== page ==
• Would they contaminate my processes (inside) or the environment (outside)?
  • Are these contaminants inert, chemical-, biological-, or radioactive?
  • What contamination limits have to be considered?
The use of an isolator cleaning tool should also be considered to allow efficient cleaning†† of hard-to-reach areas and guarantee an equal pressure distribution of your cleaning material (wipes/pads) on the isolator surface. The applied pressure is a determining factor in the physical removal of contaminants from a surface.


Proper decontamination and cleaning are critical to the long-term success of materials produced in these environments. Reducing the risk of cross-contamination starts with a full understanding of the type of potential contaminants introduced before, during, and after the production process. Sterilization and spraying with disinfectants alone are not enough to remove residual particles that could result in the buildup of biofilms. Proper wiping and rinsing protocols are needed to ensure the total removal of contaminants and the cleanliness of the isolator.
  1. Healthcare Infection Control Practices Advisory Committee (HICPAC), “Guideline for Disinfection and Sterilization in Healthcare Facilities”, 2008
  2. McDonnell, G.; Russell, A.D.; “Antiseptics and Disinfectants: Activity, Action, and Resistance” Clinical Microbiological Reviews, Jan. 1999, p. 147-179
  3. Mehmi, M.; Marshall, L.J.; Lambert, P.A.; Smith, J.C.; “Evaluation of Disinfecting Procedures for Aseptic Transfer in Hospital Pharmacy Departments” PDA Journal of Pharmaceutical Science and Technology, Vol. 63, No. 2, p. 123-138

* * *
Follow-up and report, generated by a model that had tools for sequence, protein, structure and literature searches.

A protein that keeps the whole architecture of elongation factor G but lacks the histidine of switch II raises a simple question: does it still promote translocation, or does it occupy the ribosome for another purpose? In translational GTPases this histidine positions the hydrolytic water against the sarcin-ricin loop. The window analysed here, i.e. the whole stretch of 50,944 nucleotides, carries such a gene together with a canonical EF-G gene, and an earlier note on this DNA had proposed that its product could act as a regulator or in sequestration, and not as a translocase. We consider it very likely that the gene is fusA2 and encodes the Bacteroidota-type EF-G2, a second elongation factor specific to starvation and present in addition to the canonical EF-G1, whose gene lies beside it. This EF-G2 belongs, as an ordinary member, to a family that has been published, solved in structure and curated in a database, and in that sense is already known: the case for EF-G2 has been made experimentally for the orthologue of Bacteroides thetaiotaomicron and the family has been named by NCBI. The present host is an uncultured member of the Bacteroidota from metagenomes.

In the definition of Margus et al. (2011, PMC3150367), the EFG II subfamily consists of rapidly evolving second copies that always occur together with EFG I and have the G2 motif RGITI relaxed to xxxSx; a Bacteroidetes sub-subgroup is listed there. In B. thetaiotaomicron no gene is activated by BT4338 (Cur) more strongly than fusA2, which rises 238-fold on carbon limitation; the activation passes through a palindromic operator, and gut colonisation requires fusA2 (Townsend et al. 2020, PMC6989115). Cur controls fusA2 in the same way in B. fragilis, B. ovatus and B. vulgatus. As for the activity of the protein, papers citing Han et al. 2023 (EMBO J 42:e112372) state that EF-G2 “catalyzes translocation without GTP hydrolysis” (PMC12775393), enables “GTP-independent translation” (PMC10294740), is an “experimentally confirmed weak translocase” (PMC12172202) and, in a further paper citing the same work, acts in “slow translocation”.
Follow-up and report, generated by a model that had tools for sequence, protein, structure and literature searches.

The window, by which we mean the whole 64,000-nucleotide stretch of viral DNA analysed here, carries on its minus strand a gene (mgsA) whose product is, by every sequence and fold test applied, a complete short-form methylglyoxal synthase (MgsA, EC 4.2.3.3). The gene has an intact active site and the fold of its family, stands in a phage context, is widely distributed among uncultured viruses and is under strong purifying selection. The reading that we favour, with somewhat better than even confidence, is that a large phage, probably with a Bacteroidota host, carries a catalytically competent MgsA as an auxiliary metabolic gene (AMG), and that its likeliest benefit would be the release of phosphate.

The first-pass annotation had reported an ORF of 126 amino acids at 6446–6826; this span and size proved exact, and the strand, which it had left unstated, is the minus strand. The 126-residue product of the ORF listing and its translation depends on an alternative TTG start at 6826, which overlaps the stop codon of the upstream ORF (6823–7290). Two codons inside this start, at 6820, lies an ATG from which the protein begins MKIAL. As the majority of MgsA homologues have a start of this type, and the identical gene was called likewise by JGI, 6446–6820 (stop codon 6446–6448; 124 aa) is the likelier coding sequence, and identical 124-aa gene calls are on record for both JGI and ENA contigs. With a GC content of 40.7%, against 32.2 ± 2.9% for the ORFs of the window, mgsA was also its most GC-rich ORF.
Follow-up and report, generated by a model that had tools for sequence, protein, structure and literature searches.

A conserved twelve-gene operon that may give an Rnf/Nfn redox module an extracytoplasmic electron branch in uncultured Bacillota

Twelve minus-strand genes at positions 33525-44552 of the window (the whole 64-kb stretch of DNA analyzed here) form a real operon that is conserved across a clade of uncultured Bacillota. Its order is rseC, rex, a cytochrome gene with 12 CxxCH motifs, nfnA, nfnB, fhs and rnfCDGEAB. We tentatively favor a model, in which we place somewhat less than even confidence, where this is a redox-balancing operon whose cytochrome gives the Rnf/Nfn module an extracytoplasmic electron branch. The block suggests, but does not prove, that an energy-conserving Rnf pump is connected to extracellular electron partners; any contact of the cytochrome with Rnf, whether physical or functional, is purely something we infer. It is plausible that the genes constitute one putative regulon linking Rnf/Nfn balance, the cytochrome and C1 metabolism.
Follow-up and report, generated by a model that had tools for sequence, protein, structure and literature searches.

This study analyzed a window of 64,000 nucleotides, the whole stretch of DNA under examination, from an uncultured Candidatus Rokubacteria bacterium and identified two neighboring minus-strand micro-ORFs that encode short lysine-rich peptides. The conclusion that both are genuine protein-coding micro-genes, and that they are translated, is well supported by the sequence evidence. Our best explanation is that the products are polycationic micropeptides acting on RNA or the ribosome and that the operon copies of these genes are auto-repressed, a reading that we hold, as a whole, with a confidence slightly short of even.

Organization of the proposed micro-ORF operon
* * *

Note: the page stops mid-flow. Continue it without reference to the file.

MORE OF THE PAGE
4. † Block, S.S.; ‘Disinfection, Sterilization, and Preservation” Philadelphia: Lea & Febiger 1991
  5. ‡ Siegerman, H. “Wiping surfaces Clean” A2C2 Magazine, April 2003
  6. †† “Isolator Cleaning Guide” 01 Aug 2010 Berkshire Corporation
© Dr. Thomas H. Treutler, CTO Berkshire Corporation

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Mel Meadows

Mel Meadows

Mel Meadows is a product specialist with over 13 years of experience. She’s a central source of expertise for thousands of industrial and critical-class products featured on the Production Automation web store. By working directly with manufacturers, Mel deciphers technical documentation and outlines product use in real-world environments. View her profile to learn more about proper techniques, protocol, and product usage in both industrial and cleanroom facilities.